FIGURE 1. Interaction between ClC-5 and barttin in non-polarizing HEK293T cells. (A) Major expression sites of ClC-5 and ClC-K/barttin reported in the literature (PT, proximal tubule; tDL, thin descending limb of Henle’s loop; tAL and TAL, thin and thick ascending limbs of the Henle’s loop; DCT, distal convoluted tubule; CNT, connecting tubule; CCT, cortical collecting tubule; CD, collecting duct). (B) Alignment showing the sequence conservation of the protein region containing ClC-5 G261E, a Dent disease 1 mutation with Bartter-like phenotype (bold). (C) False-color representation of a fluorescent SDS-PAGE gel of HEK293T cell lysates containing expressed ClC-5-mYFP WT or ClC-5-mYFP G261E. Lysates were incubated with PNGaseF or EndoH to cleave all types or specifically the high mannose N-linked glycosylation, respectively. The resistance of ClC-5 to EndoH indicates complex glycosylation. (D) Representative confocal images of HEK293T cells expressing ClC-5 mCherry or barttin mCFP. Scale bars here and hereafter correspond to 10 μm. (E) Representative confocal image of HEK293T cells expressing ClC-5 G261E mCherry. (F,G) Representative confocal images of HEK293T cells coexpressing barttin (green) together with ClC-5 WT or ClC-5 G261E (ClC-5 in red). Magnified regions of interest are included as insets [in panel (F), “i” denotes ER staining, whereas “ii” denotes staining of the perinuclear space]. (H) Grayscale presentation of a fluorescent SDS-PAGE gel of HEK293T cell lysates with expressed ClC-5-mCerulean or ClC-5-mCerulean G261E with or without coexpressed barttin mCherry. A brief exposure of intact cells to α-chymotrypsin was used to selectively cleave surface-exposed proteins. (I) Percentage of the low molecular ClC-5 protein band obtained from densitometry analysis of data as depicted in panel (H), n = 7–11. The intensity of the lower band increases due to cleavage of surface exposed proteins by α-chymotrypsin and is proportional to the PM abundance of the investigated protein. (J) Percentage of the low molecular barttin protein band obtained from densitometry analysis of data as depicted in panel (H), n = 7–11.
Of note, no mutations in genes encoding for proteins linked to Bartter-like symptoms (specifically, NCCT, ClC-Kb, Kir1.1, and NKCC2) have been discovered in the aforementioned atypical DD1 cases but the existence of barttin mutations has not been investigated (Besbas et al., 2005; Bogdanović et al., 2010; Okamoto et al., 2012). To test whether barttin can regulate ClC-5 function, we cotransfected wild type (WT) and various pathogenic mutants of barttin and ClC-5 in non-polarizing mammalian HEK293T (human embryonic kidney) cells and explored the consequences of this maneuver by biochemistry, confocal microscopy, and electrophysiology.
Materials and Methods
Mutagenesis and Heterologous Expression
Mutation G261E was introduced into existing ClC-5-mCherry, ClC-5-mYFP and ClC-5-mCerulean fusion proteins (Alekov, 2015), all in the pRcCMV expression vector, using the QuikChange site-directed mutagenesis kit (Agilent Technologies). The expression vector p156rrL with ClC-5 GFP was kindly provided by Dr. R Guzman (Institute of Complex Systems 4 (ICS-4) – Zelluläre Biophysik, Forschungszentrum Jülich, D-52425 Jülich, Germany). Existing pcDNA3.1 (+) expression vectors encoding the fusion proteins barttin-mCFP or barttin-mCherry mutants were used to express barttin. For electrophysiology and biochemical analyses, 10 μg of ClC-5-encoding plasmids were transiently transfected in HEK293T cells grown in 10-cm Petri dishes (Sarstedt), alone or with 5 μg (unless otherwise indicated) barttin-encoding plasmids using Lipofectamine 2000 (Thermo Fisher) or calcium phosphate precipitation. Electrophysiological recordings and biochemical analysis were performed 24–48 h, confocal imaging – 24 h after transfection, respectively.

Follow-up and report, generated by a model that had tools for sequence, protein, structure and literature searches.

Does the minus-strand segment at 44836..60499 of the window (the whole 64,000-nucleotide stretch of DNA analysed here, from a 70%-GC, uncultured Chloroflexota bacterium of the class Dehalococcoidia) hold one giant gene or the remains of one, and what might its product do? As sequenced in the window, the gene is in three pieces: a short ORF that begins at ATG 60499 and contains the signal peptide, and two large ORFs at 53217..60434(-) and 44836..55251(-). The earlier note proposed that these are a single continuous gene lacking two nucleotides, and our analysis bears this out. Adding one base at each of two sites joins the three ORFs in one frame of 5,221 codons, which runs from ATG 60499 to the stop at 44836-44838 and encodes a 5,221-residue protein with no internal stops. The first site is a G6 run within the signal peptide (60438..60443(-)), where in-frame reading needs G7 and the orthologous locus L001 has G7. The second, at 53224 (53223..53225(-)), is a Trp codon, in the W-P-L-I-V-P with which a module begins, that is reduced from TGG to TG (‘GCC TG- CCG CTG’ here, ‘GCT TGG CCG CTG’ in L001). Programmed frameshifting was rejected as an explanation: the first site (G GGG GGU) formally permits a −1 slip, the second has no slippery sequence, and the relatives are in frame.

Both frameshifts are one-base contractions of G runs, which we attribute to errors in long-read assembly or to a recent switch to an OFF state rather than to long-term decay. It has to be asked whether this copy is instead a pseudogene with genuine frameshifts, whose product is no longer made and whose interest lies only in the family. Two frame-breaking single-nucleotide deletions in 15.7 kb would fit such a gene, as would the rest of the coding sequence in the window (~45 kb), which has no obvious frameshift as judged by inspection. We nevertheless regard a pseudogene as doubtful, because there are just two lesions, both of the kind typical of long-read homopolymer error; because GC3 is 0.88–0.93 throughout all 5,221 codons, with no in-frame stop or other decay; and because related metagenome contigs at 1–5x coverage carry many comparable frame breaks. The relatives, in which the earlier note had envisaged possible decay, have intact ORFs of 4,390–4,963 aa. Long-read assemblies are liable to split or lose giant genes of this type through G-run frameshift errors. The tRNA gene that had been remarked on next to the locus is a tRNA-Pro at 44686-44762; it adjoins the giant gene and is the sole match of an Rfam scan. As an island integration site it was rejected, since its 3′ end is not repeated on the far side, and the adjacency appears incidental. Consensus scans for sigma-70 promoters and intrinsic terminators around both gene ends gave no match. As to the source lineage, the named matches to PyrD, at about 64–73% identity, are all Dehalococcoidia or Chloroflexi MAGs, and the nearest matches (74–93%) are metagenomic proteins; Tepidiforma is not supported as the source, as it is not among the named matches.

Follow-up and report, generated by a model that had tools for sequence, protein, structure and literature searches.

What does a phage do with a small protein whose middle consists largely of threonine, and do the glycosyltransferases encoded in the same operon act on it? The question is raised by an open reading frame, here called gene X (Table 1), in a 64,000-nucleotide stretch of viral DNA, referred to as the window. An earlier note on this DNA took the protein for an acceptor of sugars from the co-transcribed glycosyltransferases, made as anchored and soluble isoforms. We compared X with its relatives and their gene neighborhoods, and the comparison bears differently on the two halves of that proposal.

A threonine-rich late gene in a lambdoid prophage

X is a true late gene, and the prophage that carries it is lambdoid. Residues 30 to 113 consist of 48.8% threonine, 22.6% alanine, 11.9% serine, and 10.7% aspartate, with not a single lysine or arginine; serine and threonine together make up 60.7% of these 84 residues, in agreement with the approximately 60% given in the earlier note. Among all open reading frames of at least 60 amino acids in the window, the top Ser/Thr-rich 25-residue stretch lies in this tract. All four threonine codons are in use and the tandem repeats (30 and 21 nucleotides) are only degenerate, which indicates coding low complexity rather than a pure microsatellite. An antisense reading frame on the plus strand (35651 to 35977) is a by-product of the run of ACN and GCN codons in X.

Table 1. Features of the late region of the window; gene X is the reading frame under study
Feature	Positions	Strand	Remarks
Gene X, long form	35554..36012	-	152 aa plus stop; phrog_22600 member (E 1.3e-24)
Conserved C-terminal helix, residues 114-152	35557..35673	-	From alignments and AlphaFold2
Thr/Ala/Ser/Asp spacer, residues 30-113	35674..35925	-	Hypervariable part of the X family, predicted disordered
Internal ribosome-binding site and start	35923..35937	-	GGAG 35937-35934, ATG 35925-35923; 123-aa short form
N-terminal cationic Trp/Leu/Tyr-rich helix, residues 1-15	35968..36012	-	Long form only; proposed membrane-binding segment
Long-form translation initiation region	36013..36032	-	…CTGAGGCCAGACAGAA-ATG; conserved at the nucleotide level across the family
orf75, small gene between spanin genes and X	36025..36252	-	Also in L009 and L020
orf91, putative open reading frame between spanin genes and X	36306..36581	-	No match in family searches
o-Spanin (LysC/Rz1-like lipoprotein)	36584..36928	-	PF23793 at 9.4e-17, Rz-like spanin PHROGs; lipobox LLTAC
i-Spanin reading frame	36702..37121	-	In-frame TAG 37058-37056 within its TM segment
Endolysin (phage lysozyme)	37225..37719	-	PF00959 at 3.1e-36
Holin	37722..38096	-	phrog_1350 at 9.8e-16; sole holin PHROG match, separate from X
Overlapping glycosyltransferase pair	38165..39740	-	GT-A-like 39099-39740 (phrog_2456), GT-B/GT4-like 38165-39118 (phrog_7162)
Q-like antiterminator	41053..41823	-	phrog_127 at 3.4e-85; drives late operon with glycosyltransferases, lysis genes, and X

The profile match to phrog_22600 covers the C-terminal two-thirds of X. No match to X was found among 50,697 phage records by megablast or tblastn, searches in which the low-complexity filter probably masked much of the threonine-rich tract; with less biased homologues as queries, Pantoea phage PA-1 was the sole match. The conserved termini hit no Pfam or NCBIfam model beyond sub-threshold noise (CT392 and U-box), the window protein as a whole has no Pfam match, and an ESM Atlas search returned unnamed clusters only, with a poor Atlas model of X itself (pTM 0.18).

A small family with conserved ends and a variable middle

Live cell confocal imaging was performed on a Zeiss LSM 780 AxioObserver microscope (Zeiss) with C-Apochromat 40×/1.20 water immersion objective. Barttin-mCFP fusion proteins were excited at 440 nm, emission was detected at 455–580 nm. ClC-5-mCherry fusion proteins were excited at 561 nm, emission was detected at 580–670 nm. For colocalization analysis, ClC-5-mYFP was excited at 514 nm and imaged at 520–560 nm. ER-Tracker Red (Thermo Fisher Scientific) was applied to these cells according to the manufacturer’s manual to stain the cell endoplasmic reticulum and imaged using the mCherry microscope settings.
PNGaseF and EndoH (New England Biolabs) were used to determine the type of the ClC-5 glycosylation. The supplier’s protocol was adapted for shorter denaturation to preserve the functionality of the fluorescence tags. The analysis was performed by fluorescence scanning on a Typhoon FLA 9500 (GE Healthcare). The mYFP tag was excited at 473 nm and its fluorescence recorded using a 530/20 bandpass filter. Protein size was estimated using a standardized marker (Precision Plus Protein Dual Color Standards, BioRad). To quantify the effect of barttin on the glycosylation of ClC-5, transiently transfected HEK293T cells were lysed in buffer containing: NaCl (150 mM), HEPES (10 mM), Triton X-100 (1%) supplemented with protease inhibitor mix (1%, Roche complete) at pH 7.4. Lysates were cleared by a centrifugation step (13000 rpm, 15 min, 4 °C). Proteins were separated by 12% SDS-PAGE and imaged using fluorescence scanner (Fusion SL, BioRad). mCherry and mYFP ClC-5 fusions were excited with a LED at 505–550 nm. Fluorescence emission was detected with a 620/52 (or 565/20) bandpass filter. Barttin-mCFP fluorescence was elicited with a LED illumination at 360–480 nm and its emission was detected with a 542/25M bandpass filter.